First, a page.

You will probably want to look amazing for your New Year’s event, so head to the Thrift Store, rummage through your closet for something you haven’t worn in a while, or trade amazing outfits with a friend. A lot of carbon, energy, and sometimes unfair labour go into fancy, brand name outfits we often only wear once so ask yourself what is more attractive—a sparkling dress or total confidence in knowing you made an awesome choice inside and out?
And finally, how do we green-ify the “in with the new, out with the old” adage that comes with the year’s fresh start? I thought you’d never ask. To go out with the old in a meaningful and sustainable way, encourage your pals to bring clothing or other items they no longer need and collect them in a large box by the door. People can exchange items they love and you can donate the rest to people in need. Bring in the new with potted herbs or flowers to brighten your party space in place of cut flowers or one-use decorations. Make sure each plant has growing instructions included and have each guest take one when they leave so they can kick off the new year with a new commitment to gardening.
Celebrate the Alternative
The curious and creative can find more to December and January than just the holidays with a quick online search for bizarre and wacky international holidays. There is something to celebrate just about every day of the year, and plenty for every taste.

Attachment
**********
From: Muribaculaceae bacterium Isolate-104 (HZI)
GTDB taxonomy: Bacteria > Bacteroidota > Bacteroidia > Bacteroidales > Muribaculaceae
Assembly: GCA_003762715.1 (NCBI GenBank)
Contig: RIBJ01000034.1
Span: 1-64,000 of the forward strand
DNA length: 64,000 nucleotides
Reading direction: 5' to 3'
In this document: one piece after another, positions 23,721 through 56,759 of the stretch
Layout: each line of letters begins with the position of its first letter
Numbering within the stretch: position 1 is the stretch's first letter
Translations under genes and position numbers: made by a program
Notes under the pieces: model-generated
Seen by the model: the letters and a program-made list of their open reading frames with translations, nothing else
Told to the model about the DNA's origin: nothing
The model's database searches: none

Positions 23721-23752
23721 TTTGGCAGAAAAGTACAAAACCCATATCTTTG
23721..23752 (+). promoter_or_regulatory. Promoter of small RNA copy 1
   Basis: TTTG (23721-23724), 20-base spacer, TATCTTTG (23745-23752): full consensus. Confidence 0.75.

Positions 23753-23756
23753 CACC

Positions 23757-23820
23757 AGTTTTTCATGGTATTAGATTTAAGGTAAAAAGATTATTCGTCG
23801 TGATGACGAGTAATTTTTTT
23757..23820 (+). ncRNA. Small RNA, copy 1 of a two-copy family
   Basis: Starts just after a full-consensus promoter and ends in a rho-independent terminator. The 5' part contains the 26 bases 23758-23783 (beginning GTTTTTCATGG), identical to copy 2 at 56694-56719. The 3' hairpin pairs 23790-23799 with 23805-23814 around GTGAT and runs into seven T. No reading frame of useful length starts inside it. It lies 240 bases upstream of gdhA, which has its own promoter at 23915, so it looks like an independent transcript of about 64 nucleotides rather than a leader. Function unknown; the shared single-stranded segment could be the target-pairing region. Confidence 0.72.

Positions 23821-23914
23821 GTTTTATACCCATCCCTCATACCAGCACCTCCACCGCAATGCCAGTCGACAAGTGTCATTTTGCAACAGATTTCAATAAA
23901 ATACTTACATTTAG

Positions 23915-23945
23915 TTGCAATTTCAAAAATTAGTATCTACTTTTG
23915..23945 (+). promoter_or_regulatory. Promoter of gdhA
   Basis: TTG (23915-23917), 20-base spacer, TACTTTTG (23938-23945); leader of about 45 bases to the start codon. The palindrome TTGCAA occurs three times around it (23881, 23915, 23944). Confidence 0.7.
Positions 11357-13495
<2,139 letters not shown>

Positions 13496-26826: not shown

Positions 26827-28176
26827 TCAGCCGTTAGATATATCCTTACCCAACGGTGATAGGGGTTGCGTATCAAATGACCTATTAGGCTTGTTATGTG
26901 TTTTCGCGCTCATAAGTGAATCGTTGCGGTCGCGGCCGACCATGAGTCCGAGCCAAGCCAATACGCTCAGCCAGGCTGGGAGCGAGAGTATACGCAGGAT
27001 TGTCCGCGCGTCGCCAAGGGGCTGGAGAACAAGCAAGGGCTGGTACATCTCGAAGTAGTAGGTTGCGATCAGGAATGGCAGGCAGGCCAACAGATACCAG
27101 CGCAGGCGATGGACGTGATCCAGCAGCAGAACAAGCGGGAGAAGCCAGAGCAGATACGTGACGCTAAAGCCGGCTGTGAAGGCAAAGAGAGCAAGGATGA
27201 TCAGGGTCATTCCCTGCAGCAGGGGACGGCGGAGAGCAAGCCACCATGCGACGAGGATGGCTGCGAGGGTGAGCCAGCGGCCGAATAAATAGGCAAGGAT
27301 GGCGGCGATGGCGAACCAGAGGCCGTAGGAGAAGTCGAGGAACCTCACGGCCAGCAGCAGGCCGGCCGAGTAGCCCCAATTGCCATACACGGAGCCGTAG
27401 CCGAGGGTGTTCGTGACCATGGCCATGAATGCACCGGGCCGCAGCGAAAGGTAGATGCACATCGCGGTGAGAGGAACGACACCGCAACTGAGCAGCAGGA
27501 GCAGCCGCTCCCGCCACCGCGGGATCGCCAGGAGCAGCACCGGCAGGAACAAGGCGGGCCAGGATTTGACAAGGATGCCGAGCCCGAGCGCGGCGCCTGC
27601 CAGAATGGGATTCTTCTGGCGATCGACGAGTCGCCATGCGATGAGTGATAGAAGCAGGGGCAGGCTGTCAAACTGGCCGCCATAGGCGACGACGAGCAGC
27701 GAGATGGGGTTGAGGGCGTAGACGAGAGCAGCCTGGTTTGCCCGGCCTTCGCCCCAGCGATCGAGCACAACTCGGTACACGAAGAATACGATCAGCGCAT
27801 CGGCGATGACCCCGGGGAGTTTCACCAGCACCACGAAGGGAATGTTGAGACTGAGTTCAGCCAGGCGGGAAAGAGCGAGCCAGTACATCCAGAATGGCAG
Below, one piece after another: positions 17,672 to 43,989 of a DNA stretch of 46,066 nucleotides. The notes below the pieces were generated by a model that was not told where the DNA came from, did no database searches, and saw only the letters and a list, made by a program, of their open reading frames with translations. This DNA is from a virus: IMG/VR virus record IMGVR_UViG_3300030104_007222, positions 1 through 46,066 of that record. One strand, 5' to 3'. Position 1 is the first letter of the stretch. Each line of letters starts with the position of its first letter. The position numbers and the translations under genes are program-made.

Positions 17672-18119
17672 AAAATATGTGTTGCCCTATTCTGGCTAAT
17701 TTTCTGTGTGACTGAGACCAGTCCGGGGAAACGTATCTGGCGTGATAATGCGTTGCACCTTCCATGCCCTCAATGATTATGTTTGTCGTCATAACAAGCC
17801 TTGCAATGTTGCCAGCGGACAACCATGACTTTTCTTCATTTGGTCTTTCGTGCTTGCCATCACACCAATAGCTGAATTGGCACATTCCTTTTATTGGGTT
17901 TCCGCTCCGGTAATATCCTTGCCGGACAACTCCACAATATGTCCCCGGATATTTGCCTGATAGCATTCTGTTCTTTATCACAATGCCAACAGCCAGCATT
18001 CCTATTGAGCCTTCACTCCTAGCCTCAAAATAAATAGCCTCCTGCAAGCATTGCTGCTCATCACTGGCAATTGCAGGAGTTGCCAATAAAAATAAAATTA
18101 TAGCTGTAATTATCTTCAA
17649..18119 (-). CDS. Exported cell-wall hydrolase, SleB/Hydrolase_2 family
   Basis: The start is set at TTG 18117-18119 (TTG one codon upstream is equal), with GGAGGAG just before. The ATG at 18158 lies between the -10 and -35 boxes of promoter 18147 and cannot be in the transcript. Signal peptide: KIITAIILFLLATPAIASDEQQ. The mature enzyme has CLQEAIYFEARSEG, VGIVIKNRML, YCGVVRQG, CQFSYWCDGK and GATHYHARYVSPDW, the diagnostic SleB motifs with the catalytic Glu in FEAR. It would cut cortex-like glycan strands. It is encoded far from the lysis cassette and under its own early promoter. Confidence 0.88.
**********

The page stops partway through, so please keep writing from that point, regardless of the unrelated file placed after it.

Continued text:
Start December off with a solemn heart by observing the UN-developed Human Rights Day December 10, but be prepared for a little craziness on December 12, National Ding-a-Ling Day. No one is sure whether it was created to celebrate real or imagined craziness, but either way, open up and get wacky, but save some awesomeness for my husband’s favourite: National Ice Cream Day, which falls on the 13th.
Dig deep and commemorate genealogy on Roots Day December 23, or join the ranks with Pepper Pot Day, first celebrated December 29, 1777 when a steaming pot of this delectable soup was served up to the the Continental Army. And if you decide not to kick it up for New Year’s you can consider yourself a successful celebrator of another important December 31 holiday: Make up Your Mind Day.
January abounds with celebratory options including one of my favorites: Run it up the Flag Pole and See if Anyone Salutes Day on January 2. Besides my penchant for long-winded expressions, I think it’s brilliant to celebrate creativity and healthy risk-taking.
Whether you kick-start your post-holiday cleanse on January 3 with Festival of Sleep Day, or enjoy a friendly bout of irritated contemplation on International Skeptics Day (January 13), or even get wild with books and drama on January 16th’s Appreciate a Dragon Day, the lovers of this world with breathe a collective sign of appreciation when National Hugging Day rolls around on January 21. You can always give Opposite Day (January 25) a try, not to be confused with Backward Day on the 31st, but if you’d rather end the month with a deeper sense of fulfillment, start thinking of ways to Inspire your Heart with Art in celebration of the holiday of the same name on January 31. For more little-known holidays in every month of the year check out Holiday Insights at www.holidayinsights.com. Enjoy!